If there is one thing I have learned about marathon training, it is patience. There is no room for instant gratification when you devote 16 weeks of training for 26.2 miles. It has been a learning experience for me in so many ways but this one has by far been the hardest to surrender to and probably will be the biggest lesson of all.
Anything that is worth while doing well does take time right? We devote one entire year or more to plan a wedding...and really it is just a party. But, we go over every little detail, set the timelines with dates and check them off accordingly. Even then, some of those details may get overlooked or need to be adjusted along the way. Patience is a necessity, otherwise, you end up on a show called Bridezillas or even worse, you're the only one not enjoying the actual wedding because you can't let go and give in.
I admit I am an all or nothing kind of gal...for good and for bad. That may be an inherited trait ...I swear it's something in my blood. I took surf lessons one summer & only a month into them, when a hurricane came rolling in, there I was trying to charge them. I practically drowned just trying to get out there...go big or go home.
One look at my social life as an adult with three children, two jobs, one husband and a household to run...it's all or nothing. It's like I broke out of prison and am having one last romp with freedom, or I'm home sipping green tea, reading a book.
Up until a week ago, I was pushing it...training-wise...got to get it all in: the long runs, the hill work, the tempo, the weights, the race pace runs...the worse that I felt, the more I felt the need to jam more in. I was like that hurricane I tried to surf in...all over the place, not getting anywhere, and setting myself up for disaster. Luckily, a dear friend/running mentor came along, took a look at the chaos I had myself caught up in and threw me a life raft.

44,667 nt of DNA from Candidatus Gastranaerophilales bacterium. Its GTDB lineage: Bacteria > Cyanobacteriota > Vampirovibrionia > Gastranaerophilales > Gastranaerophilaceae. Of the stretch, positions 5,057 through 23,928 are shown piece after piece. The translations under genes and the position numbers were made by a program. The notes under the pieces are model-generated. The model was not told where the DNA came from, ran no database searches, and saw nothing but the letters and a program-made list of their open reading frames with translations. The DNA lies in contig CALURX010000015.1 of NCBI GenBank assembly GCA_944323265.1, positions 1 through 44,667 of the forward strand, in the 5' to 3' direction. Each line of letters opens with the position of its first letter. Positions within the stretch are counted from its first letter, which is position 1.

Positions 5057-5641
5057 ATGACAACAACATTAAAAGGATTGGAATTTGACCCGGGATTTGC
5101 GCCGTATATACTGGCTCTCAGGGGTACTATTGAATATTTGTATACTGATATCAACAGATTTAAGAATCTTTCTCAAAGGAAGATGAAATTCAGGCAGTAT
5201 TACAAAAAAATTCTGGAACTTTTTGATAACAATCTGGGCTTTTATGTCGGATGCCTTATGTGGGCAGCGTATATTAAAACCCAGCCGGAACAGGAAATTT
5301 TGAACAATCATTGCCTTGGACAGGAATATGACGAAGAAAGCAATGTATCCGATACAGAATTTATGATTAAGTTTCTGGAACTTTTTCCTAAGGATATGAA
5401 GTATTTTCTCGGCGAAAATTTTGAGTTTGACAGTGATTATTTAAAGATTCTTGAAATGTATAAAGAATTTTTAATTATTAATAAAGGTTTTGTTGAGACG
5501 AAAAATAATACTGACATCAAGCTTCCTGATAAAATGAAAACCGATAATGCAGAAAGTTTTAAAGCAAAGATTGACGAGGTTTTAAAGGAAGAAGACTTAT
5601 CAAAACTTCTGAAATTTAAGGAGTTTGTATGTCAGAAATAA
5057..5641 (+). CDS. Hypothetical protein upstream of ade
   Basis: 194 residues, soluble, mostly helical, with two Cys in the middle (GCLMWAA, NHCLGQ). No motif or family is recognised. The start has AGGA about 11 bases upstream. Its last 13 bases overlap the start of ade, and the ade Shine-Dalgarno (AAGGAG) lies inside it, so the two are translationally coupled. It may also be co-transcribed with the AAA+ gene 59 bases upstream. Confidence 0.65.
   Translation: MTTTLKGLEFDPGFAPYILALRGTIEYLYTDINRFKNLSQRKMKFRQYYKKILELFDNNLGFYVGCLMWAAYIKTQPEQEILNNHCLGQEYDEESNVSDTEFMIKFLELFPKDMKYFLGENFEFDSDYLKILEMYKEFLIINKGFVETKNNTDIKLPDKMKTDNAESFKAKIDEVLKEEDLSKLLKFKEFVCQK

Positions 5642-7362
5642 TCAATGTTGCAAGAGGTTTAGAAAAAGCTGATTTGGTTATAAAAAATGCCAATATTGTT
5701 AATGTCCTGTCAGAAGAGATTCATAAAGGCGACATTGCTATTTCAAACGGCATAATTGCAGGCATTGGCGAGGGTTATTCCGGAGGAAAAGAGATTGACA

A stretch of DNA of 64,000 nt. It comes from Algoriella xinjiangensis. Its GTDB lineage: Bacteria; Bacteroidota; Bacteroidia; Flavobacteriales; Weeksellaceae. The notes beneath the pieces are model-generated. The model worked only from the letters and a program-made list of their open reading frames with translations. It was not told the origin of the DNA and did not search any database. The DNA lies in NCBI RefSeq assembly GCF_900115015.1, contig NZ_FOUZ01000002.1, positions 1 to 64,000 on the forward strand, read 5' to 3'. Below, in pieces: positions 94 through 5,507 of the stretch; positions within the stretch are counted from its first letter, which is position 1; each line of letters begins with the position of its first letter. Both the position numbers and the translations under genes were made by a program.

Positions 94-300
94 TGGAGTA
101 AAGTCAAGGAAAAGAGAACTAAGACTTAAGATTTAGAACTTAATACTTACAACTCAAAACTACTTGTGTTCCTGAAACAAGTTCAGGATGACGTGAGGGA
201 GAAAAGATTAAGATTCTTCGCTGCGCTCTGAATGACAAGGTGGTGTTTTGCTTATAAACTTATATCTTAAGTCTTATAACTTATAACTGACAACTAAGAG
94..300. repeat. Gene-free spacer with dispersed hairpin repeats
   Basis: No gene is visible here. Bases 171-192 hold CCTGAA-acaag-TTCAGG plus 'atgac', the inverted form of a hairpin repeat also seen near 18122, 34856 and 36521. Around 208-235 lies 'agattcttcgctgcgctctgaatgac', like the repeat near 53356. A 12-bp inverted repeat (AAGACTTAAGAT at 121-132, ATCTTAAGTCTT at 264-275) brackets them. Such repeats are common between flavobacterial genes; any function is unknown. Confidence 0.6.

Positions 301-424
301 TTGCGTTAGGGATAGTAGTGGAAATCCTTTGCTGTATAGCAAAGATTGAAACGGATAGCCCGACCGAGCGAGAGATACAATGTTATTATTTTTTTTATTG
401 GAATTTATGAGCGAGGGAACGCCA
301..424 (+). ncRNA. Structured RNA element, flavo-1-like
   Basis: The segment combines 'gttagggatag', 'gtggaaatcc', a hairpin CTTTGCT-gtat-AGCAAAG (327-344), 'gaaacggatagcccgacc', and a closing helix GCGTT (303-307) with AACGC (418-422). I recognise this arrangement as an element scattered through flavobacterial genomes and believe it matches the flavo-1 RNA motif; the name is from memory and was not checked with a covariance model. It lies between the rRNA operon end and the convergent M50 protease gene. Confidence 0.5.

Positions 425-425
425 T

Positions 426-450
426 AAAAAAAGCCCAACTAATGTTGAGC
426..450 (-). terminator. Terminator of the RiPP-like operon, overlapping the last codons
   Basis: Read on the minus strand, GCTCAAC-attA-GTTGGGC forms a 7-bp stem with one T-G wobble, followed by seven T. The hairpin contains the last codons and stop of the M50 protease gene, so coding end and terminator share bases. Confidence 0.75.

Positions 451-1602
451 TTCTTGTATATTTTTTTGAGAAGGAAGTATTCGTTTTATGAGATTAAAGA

We adjusted my program, and then, revisited the change a week later. Really, what made me think I could keep up with that program when I had not completed a marathon before is beyond me...damn that all or nothing trait. Trust the program she said. It's designed for a reason. Focus on following the runs it calls for...keep to the pace for each particular run (so painful to run so slow on a long run)..it's designed that way for a reason. And stop obsessing over running the 26 miles before you actually run the 26.2 mile race. Be patient, and you will be ready.
I have to admit, it has helped. I am still a little tired & definitely tight, but I am feeling more confident that my legs will be fresh and not burnt out by the time I line up for race day. Some days, I do have to remind myself...be patient, trust the program, trust myself. It's a hard thing to do. This is not an all or nothing race. This is a steady, well-paced endurance run. There is no room for charging big...this training, this race has all to do with being smart, being prepared, and being ready to make thought out adjustments when necessary...it's all about being patient.
Preparation and patience...that is the key to success. Like life, this training has had some curve balls thrown at me...(heatwaves, respiratory infection, over training) but with some thought out adjustments, I continue to move forward. It may not be the pace I'm use to moving at, but that's part of the process. I can't move it any faster. I just have to ride it out, continue to plug away, and remember that it will all come together in the end.
- What started as a little experiment in blogging has evolved into my renewed love for writing the raw, gritty truth. Running has always had so many parallels to life's ups and downs. As a new cancer survivor/fighter, running and writing has continued to be there for me in my quest to always move forward, always try to be better than yesterday. Find me: http://www.curetoday.com/community/kate or on facebook: running, cancer, and everything in between or on twitter: runliftbreathe